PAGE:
Supporting Wisconsin’s Law Enforcement – In Body and Mind
Supporting Wisconsin’s Law Enforcement – In Body and Mind
As top cop and head of the Wisconsin Department of Justice (DOJ), one of my core duties is to provide support to law enforcement in Wisconsin, whether that’s by providing training to officers, helping law enforcement close cases through the state crime lab, and providing crime statistics. Often left unmentioned, however, is support for law enforcement’s wellness.
As attorney general, I promised the officers in this state that I would support them not just in investigations and grant money, but I also promised to help our state’s law enforcement maintain a healthy body and mind.
The deadly truth is: a police officer is more likely to die of suicide than homicide. And for every police suicide, there are more officers struggling with PTSD.
At DOJ, we recognize this truth, and we’re supporting Wisconsin law enforcement by increasing our dedication to officer wellness – both in body and mind.
A healthy mind begins with a healthy body – so we’ve added 34 hours of physical fitness to our recruit academy. We have also developed tools so current officers can enhance their physical readiness.
To prepare officers mentally and emotionally, we have increased training hours in stress management, healthy relationships, and financial stability. DOJ personnel are also now trained as suicide prevention program instructors and so far, these personnel have trained nearly 900 law enforcement personnel across the state.
Chaplains also play an important role in law enforcement agencies and communities, offering critical emotional support to law enforcement and victims. So we’re giving chaplains in Wisconsin the tools they need, by establishing a first-of-its-kind statewide training resource for chaplains.
Internally at DOJ, we are supporting our own staff and law enforcement. Since 2012, DOJ has had a support team available to our Division of Criminal Investigation (DCI) staff, and our Internet Crimes Against Children staff have mandatory wellness reviews twice per year. We are also currently working to expand our own wellness sessions at DCI staff in-service trainings, and we are establishing a chaplain program.
This September, during National Suicide Prevention Month, I ask law enforcement executives across to the state to reach out to DOJ’s Training & Standards Bureau for more information about how we can help improve officer wellness in your agency.
If you are a law enforcement officer, dispatcher, or Wisconsin citizen who finds yourself struggling with suicidal thoughts, I urge you to seek help from support systems around you, or receive free, confidential support at any time by calling 1-800-273-8255.
Wisconsin Seniors Have Been Ignored Too Long
Over the next two decades, Wisconsin’s 65 and older population will increase by 72%, and one in nine seniors have reported being abused, neglected or exploited in the past twelve months. Sadly, this group is seen by criminals as vulnerable and easily exploitable. With this rapidly growing population, we must act with urgency to protect our loved ones from becoming the target of financial, physical, emotional, and sexual abuse.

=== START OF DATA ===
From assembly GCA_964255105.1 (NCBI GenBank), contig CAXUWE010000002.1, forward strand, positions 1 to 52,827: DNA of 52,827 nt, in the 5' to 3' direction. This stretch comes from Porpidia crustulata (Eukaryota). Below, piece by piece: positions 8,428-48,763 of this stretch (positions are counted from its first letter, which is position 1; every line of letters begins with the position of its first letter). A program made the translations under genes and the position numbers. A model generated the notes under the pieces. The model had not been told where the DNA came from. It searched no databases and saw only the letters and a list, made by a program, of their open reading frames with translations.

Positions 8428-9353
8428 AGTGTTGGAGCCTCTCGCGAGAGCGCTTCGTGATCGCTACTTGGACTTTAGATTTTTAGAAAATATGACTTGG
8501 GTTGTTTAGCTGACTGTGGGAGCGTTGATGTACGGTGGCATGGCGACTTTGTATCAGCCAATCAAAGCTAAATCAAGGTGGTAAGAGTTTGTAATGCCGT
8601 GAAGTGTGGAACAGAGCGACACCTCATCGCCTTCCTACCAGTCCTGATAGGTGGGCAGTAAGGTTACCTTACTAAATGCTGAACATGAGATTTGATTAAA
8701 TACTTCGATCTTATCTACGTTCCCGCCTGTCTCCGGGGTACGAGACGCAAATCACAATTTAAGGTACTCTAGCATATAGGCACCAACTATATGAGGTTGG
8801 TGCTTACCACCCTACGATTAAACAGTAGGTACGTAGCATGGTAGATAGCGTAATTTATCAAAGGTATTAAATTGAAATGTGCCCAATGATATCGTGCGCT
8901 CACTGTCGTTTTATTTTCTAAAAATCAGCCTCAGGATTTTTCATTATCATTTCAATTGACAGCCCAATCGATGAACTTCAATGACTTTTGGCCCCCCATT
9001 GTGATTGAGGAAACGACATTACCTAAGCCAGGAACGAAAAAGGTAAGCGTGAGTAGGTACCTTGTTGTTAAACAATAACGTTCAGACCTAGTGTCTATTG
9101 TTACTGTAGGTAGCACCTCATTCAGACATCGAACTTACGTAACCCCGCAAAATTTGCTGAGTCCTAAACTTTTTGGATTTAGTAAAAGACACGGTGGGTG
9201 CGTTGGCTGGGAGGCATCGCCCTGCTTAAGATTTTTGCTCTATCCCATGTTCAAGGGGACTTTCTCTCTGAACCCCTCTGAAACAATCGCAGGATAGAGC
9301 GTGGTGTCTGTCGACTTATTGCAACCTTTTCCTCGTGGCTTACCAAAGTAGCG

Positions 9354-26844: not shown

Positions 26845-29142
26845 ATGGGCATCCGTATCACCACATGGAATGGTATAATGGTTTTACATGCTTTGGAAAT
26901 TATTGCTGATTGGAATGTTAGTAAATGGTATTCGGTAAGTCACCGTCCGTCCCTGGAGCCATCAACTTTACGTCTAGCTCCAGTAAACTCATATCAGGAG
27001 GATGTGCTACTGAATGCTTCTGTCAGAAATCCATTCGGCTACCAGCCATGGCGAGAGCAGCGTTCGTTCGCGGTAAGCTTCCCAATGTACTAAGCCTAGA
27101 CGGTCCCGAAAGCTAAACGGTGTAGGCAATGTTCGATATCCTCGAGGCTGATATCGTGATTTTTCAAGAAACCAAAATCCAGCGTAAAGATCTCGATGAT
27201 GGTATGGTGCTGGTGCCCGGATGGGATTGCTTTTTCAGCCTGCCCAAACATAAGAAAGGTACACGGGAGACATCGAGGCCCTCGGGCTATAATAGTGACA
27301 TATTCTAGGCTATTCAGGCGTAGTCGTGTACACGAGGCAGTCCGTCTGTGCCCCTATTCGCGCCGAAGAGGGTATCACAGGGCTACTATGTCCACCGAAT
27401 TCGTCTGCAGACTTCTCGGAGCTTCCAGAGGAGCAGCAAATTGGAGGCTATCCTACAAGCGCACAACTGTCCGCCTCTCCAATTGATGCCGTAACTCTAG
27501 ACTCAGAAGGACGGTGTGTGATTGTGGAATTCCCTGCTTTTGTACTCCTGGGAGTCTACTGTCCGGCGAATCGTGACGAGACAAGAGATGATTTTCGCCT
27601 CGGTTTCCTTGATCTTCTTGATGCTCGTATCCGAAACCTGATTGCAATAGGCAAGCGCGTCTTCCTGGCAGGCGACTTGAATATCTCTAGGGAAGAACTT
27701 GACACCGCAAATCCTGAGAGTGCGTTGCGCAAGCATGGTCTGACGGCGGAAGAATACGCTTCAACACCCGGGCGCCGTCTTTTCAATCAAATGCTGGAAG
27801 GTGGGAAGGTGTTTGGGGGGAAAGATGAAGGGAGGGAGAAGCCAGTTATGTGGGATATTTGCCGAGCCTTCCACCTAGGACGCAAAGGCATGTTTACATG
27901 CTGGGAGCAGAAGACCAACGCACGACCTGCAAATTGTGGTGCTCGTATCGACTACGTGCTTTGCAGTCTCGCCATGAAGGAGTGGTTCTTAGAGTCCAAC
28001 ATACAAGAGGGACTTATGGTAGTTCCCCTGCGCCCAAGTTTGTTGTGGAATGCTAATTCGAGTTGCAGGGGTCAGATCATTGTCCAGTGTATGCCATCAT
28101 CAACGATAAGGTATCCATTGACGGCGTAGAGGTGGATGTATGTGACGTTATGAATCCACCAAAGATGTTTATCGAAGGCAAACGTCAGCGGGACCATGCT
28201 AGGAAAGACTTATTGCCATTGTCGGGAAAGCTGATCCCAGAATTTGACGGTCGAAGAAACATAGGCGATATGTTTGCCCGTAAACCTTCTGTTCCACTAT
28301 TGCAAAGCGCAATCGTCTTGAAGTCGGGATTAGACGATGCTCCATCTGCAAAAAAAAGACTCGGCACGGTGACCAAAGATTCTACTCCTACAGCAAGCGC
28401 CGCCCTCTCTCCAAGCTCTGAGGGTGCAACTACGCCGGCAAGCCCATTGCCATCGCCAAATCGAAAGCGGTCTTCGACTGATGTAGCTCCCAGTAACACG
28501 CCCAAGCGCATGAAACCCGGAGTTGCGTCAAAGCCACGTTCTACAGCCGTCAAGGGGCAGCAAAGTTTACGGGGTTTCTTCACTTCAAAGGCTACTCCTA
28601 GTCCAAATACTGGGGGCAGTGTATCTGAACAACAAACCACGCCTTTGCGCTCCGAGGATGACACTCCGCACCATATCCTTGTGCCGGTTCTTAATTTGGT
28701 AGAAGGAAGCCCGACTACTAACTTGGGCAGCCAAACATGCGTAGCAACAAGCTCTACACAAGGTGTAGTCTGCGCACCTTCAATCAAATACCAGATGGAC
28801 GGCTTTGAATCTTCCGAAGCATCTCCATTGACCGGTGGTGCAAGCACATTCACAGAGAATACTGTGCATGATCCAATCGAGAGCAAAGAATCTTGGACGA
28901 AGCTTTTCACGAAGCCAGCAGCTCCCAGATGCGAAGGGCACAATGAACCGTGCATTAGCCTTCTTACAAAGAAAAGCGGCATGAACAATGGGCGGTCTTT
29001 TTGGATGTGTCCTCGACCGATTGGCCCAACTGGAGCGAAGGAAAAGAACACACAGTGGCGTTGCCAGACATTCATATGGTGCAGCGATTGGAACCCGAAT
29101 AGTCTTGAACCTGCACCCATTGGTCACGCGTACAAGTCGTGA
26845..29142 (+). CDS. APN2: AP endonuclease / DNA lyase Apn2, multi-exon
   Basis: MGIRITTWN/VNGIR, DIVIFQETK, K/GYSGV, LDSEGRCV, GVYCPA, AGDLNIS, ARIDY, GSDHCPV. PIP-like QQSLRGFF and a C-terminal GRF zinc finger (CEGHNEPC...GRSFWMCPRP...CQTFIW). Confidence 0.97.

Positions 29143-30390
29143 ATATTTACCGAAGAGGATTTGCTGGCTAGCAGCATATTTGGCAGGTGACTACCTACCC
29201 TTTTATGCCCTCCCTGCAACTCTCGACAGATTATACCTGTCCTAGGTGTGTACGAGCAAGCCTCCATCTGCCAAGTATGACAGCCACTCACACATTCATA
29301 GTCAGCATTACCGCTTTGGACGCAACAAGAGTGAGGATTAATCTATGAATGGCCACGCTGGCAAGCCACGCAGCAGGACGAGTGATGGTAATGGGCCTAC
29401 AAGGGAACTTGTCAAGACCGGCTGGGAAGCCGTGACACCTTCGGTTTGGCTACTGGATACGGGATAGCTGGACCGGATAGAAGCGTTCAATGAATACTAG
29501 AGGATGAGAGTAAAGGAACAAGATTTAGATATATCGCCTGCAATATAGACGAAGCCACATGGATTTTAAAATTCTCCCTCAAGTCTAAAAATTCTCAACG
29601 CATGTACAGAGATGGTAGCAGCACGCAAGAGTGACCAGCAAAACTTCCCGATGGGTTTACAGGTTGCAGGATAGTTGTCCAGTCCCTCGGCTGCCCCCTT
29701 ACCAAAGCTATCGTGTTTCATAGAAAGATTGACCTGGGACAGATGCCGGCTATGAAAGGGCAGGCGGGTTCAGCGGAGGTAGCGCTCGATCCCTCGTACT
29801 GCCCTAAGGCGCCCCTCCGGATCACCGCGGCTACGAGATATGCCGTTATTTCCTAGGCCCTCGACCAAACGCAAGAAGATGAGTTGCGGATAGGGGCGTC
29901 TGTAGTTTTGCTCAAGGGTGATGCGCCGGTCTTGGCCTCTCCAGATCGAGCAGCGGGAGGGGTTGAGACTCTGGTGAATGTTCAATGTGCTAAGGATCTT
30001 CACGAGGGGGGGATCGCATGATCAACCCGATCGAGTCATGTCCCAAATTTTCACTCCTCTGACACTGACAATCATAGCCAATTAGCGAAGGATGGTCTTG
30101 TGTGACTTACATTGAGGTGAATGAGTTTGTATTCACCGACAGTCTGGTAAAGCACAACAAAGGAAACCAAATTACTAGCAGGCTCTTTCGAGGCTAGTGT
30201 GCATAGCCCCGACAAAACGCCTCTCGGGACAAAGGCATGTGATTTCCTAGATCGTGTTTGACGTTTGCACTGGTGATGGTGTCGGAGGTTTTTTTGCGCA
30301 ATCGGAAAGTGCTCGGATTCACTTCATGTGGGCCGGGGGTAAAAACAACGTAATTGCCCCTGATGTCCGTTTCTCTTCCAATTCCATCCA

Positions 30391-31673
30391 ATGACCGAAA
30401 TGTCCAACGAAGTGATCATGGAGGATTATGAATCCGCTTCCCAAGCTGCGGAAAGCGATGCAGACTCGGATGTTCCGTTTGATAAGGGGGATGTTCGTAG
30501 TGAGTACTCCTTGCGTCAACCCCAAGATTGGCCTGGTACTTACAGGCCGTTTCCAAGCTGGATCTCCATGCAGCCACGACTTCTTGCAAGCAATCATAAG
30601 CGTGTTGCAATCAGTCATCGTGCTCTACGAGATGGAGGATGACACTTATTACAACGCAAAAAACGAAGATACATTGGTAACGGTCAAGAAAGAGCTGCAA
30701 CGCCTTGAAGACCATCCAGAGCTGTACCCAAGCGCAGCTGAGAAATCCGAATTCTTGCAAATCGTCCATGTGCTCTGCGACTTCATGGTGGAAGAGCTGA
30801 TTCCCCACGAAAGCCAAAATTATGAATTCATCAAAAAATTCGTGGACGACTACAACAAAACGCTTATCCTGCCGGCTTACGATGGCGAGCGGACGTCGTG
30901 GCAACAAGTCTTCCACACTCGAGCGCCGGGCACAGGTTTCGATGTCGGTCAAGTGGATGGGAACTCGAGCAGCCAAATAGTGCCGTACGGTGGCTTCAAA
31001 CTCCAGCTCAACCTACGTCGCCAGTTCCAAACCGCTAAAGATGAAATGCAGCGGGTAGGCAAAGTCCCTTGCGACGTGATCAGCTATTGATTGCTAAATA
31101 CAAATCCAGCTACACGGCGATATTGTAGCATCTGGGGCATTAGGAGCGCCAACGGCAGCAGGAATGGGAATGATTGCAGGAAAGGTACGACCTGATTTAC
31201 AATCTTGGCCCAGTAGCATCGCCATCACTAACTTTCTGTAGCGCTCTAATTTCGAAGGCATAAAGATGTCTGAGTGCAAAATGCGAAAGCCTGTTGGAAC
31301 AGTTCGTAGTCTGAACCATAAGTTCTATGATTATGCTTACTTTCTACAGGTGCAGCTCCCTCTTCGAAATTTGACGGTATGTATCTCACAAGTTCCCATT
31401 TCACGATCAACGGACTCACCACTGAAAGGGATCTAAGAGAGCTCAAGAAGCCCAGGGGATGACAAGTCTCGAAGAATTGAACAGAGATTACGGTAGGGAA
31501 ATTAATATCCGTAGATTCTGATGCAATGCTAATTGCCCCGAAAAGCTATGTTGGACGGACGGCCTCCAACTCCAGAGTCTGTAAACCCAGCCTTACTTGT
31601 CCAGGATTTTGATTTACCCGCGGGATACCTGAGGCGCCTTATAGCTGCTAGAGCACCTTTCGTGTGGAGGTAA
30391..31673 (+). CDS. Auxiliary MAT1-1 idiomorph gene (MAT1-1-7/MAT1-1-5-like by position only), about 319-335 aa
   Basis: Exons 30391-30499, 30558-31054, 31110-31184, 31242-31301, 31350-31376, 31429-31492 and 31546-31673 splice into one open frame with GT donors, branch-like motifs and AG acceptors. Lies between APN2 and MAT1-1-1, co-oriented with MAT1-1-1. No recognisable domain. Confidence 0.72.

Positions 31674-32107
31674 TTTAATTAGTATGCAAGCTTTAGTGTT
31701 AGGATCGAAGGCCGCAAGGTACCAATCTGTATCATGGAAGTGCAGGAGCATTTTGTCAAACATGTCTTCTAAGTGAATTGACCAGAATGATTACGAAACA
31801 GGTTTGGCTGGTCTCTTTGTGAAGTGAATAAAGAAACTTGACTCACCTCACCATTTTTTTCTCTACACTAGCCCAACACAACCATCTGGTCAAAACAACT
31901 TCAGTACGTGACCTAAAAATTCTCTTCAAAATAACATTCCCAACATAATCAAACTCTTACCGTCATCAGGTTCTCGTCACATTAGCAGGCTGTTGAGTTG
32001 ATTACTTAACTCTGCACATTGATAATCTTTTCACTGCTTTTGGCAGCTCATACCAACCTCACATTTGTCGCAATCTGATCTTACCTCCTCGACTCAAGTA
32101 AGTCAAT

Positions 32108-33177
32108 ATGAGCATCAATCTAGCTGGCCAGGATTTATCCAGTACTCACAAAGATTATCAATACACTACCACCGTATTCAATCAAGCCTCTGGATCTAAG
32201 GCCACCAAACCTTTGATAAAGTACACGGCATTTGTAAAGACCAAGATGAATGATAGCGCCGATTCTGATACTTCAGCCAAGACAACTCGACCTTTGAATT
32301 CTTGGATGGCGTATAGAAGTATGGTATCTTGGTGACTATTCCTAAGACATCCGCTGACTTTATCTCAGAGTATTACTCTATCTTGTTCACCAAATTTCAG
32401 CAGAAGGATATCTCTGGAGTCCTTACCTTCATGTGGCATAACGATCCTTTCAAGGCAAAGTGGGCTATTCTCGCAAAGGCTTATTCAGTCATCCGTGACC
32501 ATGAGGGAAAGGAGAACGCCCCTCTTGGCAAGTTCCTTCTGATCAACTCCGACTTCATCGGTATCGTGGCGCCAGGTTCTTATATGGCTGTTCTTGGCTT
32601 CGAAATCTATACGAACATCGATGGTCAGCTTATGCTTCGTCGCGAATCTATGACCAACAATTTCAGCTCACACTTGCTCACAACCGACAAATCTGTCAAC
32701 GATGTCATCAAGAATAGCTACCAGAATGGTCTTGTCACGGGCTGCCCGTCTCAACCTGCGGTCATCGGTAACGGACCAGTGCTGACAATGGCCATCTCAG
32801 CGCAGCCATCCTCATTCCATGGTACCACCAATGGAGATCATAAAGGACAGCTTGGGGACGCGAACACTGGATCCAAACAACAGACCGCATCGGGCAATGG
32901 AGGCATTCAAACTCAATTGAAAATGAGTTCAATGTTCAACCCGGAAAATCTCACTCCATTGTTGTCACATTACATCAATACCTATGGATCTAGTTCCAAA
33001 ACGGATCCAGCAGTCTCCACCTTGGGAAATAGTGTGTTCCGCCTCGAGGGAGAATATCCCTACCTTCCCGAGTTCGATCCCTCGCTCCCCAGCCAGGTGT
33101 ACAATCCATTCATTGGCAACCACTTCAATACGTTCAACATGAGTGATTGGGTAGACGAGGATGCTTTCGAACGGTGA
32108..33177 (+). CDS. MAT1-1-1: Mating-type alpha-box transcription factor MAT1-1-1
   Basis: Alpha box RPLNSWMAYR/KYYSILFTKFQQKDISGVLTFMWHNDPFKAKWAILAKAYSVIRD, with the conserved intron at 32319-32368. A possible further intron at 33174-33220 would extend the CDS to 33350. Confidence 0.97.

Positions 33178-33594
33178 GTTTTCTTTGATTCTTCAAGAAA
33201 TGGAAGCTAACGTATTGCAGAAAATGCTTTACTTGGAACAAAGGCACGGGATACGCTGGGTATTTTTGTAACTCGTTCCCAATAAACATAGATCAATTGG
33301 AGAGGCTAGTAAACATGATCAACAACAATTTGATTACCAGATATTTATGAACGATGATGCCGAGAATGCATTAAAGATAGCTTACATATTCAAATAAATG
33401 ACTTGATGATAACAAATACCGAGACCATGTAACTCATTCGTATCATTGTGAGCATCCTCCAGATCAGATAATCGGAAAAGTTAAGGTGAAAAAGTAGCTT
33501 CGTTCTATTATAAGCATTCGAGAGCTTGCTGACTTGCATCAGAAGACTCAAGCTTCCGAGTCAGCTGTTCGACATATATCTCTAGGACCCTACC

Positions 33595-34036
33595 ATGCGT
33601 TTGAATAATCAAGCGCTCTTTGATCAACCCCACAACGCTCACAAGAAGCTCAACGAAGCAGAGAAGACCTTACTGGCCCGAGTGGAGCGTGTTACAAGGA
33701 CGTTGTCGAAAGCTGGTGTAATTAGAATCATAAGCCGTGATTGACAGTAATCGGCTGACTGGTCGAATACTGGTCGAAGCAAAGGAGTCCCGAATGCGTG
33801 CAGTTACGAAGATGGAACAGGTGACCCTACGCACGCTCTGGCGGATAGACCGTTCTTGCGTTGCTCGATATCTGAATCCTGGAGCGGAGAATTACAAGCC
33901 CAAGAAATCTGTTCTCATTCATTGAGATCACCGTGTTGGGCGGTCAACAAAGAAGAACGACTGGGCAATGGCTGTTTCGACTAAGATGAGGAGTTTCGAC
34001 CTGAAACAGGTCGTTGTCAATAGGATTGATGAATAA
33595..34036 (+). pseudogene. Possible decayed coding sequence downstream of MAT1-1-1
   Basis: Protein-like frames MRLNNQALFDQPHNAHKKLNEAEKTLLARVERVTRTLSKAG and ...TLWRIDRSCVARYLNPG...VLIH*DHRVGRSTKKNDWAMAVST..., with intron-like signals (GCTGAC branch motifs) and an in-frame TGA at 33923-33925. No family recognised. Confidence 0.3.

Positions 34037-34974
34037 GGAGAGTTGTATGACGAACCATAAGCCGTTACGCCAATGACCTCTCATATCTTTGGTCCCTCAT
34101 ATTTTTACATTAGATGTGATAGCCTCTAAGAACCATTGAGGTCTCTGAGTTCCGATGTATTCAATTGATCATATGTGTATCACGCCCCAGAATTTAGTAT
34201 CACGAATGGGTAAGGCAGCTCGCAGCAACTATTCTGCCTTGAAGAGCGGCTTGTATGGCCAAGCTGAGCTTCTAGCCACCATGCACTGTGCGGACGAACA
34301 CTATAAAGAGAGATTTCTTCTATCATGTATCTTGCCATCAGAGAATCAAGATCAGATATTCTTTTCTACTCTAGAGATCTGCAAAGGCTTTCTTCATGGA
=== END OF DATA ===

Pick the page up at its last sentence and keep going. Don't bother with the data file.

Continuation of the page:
To combat this abuse, I announced the creation of a task force to combat elder abuse in Wisconsin.
The Task Force on Elder Abuse is charged with compiling the resources and knowledge of a multi-disciplinary team of professionals to study the impact of elder abuse in Wisconsin and assess ways to improve outcomes for this growing population of citizens. In addition to developing strategies to address barriers in investigation and prosecutions of elder abuse, the task force will strengthen consumer protection for seniors and create recommendations for improved cross-system communications.
Ask the Office of Open Government: Fees for Records
Question: An authority will not provide me with the records I requested unless I pay a fee. Is this allowed under the law?
Answer: The Wisconsin Public Records Law permits an authority to impose a fee upon a requester but only for four specific tasks. An authority may charge for the following: (1) Reproduction and transcription of a record (this includes fees for copies); (2) photographing and photographic processing of a record; (3) locating a record; and (4) mailing or shipping a record. Although an authority is allowed to charge for these four tasks, the fee cannot exceed the actual, necessary, and direct cost of completing these tasks. An authority may not make a profit on its response to a public records request. The amount of such fees may vary depending on the authority. For example, the Department of Justice (DOJ) charges $0.15 per page for a hard copy of a record while other authorities may charge more or less. (Although anything in excess of $0.25 per page may be suspect.)
While the law permits an authority to impose a fee for locating records, it may only do so if the cost is $50.00 or more. Locating a record means to find it by searching, examining, or experimenting. Generally, the rate for an actual, necessary, and direct charge for staff time (such as for locating a record) should be based on the pay rate of the lowest paid employee capable of performing the task. Additionally, an authority may require prepayment for the costs associated with responding to a public records request if the total amount exceeds $5.00. An authority may not charge for the time it takes to redact records.